Eaarth: Making a Life on a Tough New Planet
Knopf Canada, Apr 12, 2011 - Climatic changes - 288 pages
The bestselling author of Deep Economy shows that we're living on a fundamentally altered planet -- and opens our eyes to the kind of change we'll need in order to make our civilization endure.
Twenty years ago, with The End of Nature, Bill McKibben offered one of the earliest warnings about global warming. Those warnings went mostly unheeded; now, he insists, we need to acknowledge that we've waited too long, and that massive change is not only unavoidable but already under way. Our old familiar globe is suddenly melting, drying, acidifying, flooding, and burning in ways that no human has ever seen. We've created, in very short order, a new planet, still recognizable but fundamentally different. We may as well call it Eaarth.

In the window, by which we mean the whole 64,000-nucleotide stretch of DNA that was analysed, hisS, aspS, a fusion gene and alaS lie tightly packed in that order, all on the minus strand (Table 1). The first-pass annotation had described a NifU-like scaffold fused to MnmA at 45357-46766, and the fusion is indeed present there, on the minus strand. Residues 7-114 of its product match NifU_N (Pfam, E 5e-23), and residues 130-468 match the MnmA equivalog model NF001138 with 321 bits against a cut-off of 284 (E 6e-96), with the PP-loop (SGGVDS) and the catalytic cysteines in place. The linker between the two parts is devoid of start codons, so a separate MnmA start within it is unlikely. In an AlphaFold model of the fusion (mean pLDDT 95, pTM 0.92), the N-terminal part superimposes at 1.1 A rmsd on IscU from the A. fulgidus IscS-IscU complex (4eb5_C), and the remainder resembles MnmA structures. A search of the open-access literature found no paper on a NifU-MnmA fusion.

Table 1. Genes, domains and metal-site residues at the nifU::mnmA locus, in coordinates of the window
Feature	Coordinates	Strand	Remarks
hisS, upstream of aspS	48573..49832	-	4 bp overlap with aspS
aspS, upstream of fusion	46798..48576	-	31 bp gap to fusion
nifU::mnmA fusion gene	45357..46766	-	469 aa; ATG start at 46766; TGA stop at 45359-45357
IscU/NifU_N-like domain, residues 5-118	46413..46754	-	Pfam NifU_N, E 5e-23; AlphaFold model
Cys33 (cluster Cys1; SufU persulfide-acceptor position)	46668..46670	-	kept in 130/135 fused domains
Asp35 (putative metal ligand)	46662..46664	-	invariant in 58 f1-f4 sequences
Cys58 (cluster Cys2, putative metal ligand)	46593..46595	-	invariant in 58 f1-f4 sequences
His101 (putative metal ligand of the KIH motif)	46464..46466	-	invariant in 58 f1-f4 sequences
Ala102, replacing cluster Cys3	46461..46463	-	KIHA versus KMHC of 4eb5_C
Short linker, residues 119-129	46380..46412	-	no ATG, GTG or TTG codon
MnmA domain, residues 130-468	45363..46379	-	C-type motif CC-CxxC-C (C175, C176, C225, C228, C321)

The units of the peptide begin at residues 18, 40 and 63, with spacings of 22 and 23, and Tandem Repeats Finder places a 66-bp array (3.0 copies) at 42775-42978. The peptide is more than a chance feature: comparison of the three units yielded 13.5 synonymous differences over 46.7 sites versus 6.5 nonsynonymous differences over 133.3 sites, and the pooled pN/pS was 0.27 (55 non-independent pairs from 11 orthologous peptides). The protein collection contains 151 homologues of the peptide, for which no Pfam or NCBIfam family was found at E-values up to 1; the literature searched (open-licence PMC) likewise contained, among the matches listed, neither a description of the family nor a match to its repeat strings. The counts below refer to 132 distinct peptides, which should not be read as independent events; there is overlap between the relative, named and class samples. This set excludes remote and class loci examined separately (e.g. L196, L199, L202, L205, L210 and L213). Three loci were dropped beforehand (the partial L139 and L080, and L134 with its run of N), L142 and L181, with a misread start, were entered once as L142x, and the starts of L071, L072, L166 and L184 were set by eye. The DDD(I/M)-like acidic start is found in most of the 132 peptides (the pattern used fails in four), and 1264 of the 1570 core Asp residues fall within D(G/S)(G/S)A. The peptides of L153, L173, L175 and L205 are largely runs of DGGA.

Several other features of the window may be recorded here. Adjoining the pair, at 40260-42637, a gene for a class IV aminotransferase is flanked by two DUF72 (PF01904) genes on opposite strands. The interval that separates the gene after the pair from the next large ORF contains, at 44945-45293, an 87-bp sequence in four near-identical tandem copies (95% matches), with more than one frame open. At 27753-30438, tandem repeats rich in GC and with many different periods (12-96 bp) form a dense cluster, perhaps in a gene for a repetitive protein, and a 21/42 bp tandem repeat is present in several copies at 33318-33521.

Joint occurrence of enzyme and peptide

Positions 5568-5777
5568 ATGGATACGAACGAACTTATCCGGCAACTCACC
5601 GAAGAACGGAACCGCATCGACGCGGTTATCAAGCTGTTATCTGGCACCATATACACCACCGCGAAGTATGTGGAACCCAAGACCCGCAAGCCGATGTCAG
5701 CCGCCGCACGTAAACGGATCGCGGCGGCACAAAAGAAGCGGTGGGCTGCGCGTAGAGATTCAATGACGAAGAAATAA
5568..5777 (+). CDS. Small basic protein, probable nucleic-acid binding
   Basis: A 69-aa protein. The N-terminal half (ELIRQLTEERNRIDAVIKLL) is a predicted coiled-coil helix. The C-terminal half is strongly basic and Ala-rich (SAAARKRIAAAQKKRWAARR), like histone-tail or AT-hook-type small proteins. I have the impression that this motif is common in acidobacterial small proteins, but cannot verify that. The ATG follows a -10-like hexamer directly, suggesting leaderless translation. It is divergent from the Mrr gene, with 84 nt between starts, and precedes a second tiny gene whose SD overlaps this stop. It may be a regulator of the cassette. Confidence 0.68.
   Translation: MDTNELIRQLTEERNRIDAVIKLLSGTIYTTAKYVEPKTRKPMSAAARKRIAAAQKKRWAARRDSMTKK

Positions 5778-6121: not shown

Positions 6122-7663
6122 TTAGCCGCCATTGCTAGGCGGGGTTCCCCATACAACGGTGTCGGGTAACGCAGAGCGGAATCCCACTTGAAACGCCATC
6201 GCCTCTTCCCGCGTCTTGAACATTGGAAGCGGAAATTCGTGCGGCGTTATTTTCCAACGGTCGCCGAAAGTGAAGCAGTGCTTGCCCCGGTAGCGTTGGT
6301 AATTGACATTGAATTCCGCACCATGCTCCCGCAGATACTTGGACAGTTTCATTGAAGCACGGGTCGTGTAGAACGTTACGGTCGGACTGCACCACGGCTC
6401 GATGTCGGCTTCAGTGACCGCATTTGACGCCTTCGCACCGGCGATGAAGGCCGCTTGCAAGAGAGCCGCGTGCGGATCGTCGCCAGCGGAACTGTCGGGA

That new planet is filled with new binds and traps. A changing world costs large sums to defend -- think of the money that went to repair New Orleans, or the trillions of dollars it will take to transform our energy systems. But the endless economic growth that could underwrite such largesse depends on the stable planet we've managed to damage and degrade. We can't rely on old habits any longer.
Our hope depends, McKibben argues, on scaling back -- on building the kind of societies and economies that can hunker down, concentrate on essentials, and create the type of community (in the neighborhood, but also on the Internet) that will allow us to weather trouble on an unprecedented scale. Change -- fundamental change -- is our best hope on a planet suddenly and violently out of balance.
From the Hardcover edition.
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LibraryThing ReviewUser Review - AliceaP - LibraryThing
Eaarth is at once hopeful and devastating. Bill McKibben doesn't pull any punches about the effects of global warming on our planet. The consequences of our pursuit for fossil fuel (and its burning ... Read full review
LibraryThing ReviewUser Review - porch_reader - LibraryThing
The title is not a typo. McKibben entitled this book Eaarth because he contends that we no longer live on the same planet that we once did. He backs this contention up with lots and lots of evidence ... Read full review